Episode 31: "Is it Anger Management if My Partner Punches a Hole in the Wall Next to Me?"Support the show
Today, we’re talking about intimidation in teen relationships and what is and isn’t anger management. This is Jessica Skultety, Community Outreach Associate at Safe+Sound Somerset, Somerset County New Jersey's lead domestic violence organization, providing services at no charge for survivors of dating and domestic abuse for over 40 years.
Today's question from local teens is: Is it anger management if my partner punched a hole in the wall next to me?
The short answer is No: It sounds like your partner got angry in the moment, which means they did not step away and let out their anger out, out of your view. Everyone has a choice about how they react, and if you are scared or feeling anxious after this, you’re not alone and there is help available.
The longer answer is this. Sometimes teens ask us about incidents like this one – where someone is intimidated or threated with words or actual physical acts. Sometimes it might be easy to make an excuse for, like “well, they didn’t hit me, they hit the wall instead, so they were managing their anger.”
Let’s think about this further. Have you ever been told to punch a pillow when you’re angry? Lots of people are taught that – so let’s explore that. When you punch a pillow, will you get hurt? No, because the pillow is soft. Now let’s say you get angry at something while you’re physically in a school building, at school, and you want to punch a pillow. What would you have to do? You’d have to hold in your frustration until you are near a pillow. That might not be until you get home. Plus, letting your anger out in public could scare other people, whether you know them or not, so you’d probably have to manage your anger and wait.
Now, if a partner gets mad, and at that moment decides to punch a wall, are they managing their anger? No – they are letting it out immediately and likely scaring their partner, whether they intended to or not. It can also be a show of strength - they might say or hint at, “look how angry I can get!” It can also be part of a mind game – it can be a threat, but it’s easy to dismiss as something like, “I punched the wall, not you, so it’s not a big deal” or “you’re overreacting, or imagining this as a threat – I didn’t mean anything by it.”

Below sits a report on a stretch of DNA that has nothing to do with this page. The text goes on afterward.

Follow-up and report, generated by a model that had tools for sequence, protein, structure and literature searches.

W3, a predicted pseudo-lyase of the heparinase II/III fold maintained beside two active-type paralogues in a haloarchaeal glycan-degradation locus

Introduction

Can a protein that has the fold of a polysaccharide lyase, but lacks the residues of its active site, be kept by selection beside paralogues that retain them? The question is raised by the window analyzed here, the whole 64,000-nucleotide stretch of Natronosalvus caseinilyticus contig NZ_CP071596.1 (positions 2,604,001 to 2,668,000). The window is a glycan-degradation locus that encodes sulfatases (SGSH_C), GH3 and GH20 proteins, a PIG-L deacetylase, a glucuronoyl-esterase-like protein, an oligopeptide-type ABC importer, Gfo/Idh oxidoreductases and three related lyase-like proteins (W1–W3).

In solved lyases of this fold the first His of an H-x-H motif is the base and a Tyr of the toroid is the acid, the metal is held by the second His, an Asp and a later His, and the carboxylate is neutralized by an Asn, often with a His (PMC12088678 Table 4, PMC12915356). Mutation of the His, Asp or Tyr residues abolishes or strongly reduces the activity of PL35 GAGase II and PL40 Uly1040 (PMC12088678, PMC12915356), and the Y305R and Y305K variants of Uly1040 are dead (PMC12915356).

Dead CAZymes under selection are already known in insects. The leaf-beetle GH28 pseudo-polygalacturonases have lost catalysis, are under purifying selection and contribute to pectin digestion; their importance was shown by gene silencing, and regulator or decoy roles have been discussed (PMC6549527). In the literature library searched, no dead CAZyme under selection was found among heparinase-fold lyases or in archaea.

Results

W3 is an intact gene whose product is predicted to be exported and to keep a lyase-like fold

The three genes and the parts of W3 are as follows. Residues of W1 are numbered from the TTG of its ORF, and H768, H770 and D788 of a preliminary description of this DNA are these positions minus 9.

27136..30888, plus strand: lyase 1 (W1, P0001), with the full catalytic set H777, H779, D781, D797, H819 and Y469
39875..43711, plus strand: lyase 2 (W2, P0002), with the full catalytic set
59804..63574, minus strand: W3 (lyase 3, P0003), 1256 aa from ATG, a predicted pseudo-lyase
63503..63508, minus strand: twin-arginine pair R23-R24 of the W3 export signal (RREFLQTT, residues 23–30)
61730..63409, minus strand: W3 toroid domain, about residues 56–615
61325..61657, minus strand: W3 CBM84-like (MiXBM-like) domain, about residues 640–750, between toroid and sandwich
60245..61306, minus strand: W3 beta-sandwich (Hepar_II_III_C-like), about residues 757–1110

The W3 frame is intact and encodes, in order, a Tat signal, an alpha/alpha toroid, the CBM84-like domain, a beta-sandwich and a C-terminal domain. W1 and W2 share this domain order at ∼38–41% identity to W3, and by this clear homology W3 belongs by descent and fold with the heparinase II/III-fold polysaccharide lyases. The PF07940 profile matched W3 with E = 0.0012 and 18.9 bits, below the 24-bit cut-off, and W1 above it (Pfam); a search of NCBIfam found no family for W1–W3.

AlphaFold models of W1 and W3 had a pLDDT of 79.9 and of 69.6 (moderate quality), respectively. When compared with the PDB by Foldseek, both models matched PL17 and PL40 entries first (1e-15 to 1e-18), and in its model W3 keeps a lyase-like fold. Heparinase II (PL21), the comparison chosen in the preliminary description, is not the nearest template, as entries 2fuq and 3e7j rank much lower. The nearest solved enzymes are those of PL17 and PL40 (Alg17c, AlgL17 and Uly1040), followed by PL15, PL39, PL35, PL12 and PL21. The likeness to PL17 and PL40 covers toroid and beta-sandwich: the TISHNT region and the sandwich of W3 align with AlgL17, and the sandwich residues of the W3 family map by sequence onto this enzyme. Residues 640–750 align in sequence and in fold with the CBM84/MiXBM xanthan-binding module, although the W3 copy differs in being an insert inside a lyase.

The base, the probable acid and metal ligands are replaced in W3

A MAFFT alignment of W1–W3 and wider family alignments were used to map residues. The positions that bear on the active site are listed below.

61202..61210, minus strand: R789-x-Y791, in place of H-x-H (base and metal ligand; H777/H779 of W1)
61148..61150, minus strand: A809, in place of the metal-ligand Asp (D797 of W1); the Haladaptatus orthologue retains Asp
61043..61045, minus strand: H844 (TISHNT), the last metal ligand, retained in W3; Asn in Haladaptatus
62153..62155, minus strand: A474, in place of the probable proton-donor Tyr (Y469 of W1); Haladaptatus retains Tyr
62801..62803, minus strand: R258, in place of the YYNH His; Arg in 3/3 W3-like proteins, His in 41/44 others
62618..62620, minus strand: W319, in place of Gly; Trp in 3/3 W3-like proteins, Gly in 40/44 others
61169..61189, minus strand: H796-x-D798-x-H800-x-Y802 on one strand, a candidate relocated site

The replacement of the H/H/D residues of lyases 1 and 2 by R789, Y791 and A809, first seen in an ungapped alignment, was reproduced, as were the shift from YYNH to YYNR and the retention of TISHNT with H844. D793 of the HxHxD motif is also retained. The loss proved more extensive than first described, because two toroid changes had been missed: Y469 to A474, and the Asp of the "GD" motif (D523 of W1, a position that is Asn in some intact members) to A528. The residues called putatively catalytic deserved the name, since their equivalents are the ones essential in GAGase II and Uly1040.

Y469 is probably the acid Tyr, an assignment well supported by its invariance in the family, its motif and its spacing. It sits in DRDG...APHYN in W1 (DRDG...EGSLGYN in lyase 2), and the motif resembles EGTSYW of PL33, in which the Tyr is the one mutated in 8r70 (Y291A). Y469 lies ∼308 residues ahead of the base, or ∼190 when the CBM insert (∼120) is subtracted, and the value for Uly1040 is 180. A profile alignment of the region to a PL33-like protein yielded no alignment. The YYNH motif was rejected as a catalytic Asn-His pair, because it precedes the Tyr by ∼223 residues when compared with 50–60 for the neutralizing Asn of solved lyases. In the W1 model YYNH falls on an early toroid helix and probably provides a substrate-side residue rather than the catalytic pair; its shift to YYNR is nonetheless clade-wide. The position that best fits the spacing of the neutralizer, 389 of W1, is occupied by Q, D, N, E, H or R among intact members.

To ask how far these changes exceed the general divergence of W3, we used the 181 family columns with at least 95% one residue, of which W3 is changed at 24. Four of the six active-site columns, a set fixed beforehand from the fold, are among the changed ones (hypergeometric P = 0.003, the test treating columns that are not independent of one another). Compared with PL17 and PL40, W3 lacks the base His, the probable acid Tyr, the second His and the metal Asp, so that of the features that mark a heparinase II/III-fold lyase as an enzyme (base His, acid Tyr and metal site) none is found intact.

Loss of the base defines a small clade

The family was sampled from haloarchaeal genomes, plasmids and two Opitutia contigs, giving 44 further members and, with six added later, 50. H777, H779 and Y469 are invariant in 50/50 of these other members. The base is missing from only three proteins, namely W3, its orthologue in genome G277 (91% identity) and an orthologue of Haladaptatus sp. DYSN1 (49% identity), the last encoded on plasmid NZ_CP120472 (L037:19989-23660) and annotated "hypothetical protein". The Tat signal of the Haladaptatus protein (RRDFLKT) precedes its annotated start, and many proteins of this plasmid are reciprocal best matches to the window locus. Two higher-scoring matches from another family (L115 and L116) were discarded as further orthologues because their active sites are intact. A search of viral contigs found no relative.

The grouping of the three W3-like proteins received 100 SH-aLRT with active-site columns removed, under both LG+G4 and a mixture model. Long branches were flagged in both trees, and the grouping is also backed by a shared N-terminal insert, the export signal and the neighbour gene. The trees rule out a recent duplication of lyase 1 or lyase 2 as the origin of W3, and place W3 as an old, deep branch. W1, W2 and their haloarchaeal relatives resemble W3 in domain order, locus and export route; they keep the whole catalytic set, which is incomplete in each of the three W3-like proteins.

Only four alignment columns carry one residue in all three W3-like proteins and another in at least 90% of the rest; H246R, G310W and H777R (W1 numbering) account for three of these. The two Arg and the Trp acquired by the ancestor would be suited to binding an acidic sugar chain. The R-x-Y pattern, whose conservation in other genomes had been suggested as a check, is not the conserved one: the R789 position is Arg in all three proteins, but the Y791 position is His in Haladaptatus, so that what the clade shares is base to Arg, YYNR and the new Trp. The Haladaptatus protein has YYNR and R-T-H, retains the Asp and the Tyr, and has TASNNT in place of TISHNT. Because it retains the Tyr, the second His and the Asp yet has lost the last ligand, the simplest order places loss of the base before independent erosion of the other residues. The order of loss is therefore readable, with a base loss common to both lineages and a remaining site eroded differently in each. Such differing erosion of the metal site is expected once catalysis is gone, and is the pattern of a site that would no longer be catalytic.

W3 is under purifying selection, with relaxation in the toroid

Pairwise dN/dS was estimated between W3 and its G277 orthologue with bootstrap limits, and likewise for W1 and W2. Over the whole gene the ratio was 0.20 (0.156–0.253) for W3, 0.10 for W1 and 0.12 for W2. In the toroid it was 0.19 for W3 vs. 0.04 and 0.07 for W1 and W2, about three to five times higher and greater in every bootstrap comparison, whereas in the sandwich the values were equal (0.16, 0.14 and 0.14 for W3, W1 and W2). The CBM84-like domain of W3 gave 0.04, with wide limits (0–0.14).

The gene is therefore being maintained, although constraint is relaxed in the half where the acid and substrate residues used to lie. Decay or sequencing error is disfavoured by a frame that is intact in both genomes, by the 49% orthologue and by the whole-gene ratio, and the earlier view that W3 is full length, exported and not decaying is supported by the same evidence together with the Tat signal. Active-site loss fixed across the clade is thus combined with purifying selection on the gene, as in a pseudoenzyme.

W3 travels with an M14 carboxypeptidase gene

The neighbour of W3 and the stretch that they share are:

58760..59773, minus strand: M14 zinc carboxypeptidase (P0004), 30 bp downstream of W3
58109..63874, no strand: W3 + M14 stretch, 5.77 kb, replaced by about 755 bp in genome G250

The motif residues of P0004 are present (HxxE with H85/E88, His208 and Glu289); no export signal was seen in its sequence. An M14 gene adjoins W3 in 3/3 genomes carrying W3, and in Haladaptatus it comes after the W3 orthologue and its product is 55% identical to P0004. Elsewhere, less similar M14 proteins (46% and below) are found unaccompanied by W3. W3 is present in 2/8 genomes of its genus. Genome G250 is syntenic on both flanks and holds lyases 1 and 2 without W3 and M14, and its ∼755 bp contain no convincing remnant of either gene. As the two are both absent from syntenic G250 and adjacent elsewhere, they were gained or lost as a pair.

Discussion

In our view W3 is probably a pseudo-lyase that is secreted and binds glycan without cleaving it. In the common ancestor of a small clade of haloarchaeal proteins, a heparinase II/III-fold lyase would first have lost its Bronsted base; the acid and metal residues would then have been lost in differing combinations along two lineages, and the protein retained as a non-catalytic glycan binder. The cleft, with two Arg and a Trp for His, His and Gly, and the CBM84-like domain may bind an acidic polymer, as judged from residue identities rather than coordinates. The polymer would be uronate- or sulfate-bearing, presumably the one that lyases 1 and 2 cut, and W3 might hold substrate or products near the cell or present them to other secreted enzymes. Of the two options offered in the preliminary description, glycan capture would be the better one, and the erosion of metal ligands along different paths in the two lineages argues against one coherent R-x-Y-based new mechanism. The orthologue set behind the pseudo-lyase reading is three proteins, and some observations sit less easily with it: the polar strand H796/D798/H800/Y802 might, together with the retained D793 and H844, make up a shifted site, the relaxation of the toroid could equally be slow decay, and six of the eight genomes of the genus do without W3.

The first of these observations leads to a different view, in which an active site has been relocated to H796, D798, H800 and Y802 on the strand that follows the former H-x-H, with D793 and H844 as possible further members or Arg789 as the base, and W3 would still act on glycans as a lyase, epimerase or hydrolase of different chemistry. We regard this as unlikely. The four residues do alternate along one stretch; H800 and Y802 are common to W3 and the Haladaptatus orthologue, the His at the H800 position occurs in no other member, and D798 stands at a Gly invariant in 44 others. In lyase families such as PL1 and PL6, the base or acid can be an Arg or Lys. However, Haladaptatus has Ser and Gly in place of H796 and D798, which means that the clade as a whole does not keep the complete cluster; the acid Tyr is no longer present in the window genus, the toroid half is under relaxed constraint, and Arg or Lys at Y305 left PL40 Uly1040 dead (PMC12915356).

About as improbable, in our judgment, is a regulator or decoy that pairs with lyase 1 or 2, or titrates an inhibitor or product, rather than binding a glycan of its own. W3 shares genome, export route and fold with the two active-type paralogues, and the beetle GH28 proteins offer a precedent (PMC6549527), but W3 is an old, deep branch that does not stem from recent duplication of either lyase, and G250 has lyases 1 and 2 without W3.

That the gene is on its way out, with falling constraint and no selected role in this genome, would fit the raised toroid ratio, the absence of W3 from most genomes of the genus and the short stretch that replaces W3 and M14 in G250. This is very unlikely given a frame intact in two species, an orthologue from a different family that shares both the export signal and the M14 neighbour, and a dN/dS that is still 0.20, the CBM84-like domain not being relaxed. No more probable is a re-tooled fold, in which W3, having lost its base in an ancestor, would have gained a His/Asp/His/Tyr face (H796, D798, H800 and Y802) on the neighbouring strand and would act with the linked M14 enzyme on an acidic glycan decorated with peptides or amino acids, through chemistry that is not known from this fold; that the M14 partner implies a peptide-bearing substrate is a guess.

Here’s the key: People are allowed to get angry but the way in which you let out your anger matters. Everyone has a choice about how they react in every situation. Again, if your partner chooses to punch a wall, and then that scares the other partner, that fear is valid.
Other examples that we hear often are: throwing things at the other partner and shoving furniture. All of these situations are a huge warning sign or possibility of future physical violence. Abuse or violence often increases or becomes more intense over time. They are all a form of intimidation – what’s the message here? “It was the wall this time, it could be you next time.” Even if the partner apologizes, it doesn’t make this action okay because of the impact on the other partner, who witnessed the punch.
How is this person going to feel in the future about their partner’s reactions? They may start to tiptoe around or be extra careful around their partner in order to avoid making them angry. In an equal, healthy relationship, neither partner should have to do that or feel unsafe.
One more important thing to think about – we see a lot of TV shows and movies that make violence and intimidation seem normal. Do you have to intimidate someone to show them you love them? No. Respect, not threats. Compromise, not intimidation.
Whenever we receive questions like this from teens, we always make sure they know: the decision to stay or leave is a personal one, but it sounds like this action made you scared or worried. Know that these feelings are valid, and that it’s possible that this might happen again or get worse next time. Also, please know that it is possible to get out of a relationship safely – at this point, you may need access to outside help. It’s not your fault.
Call or text the Safe+Sound Somerset 24/7 hotline at 866-685-1122 for supportive listening and information.
Want to “Ask Ava” a question? Visit our website at www.safe-sound.org/ask-ava. Thank you for listening today. Join us next time here on Ask Ava.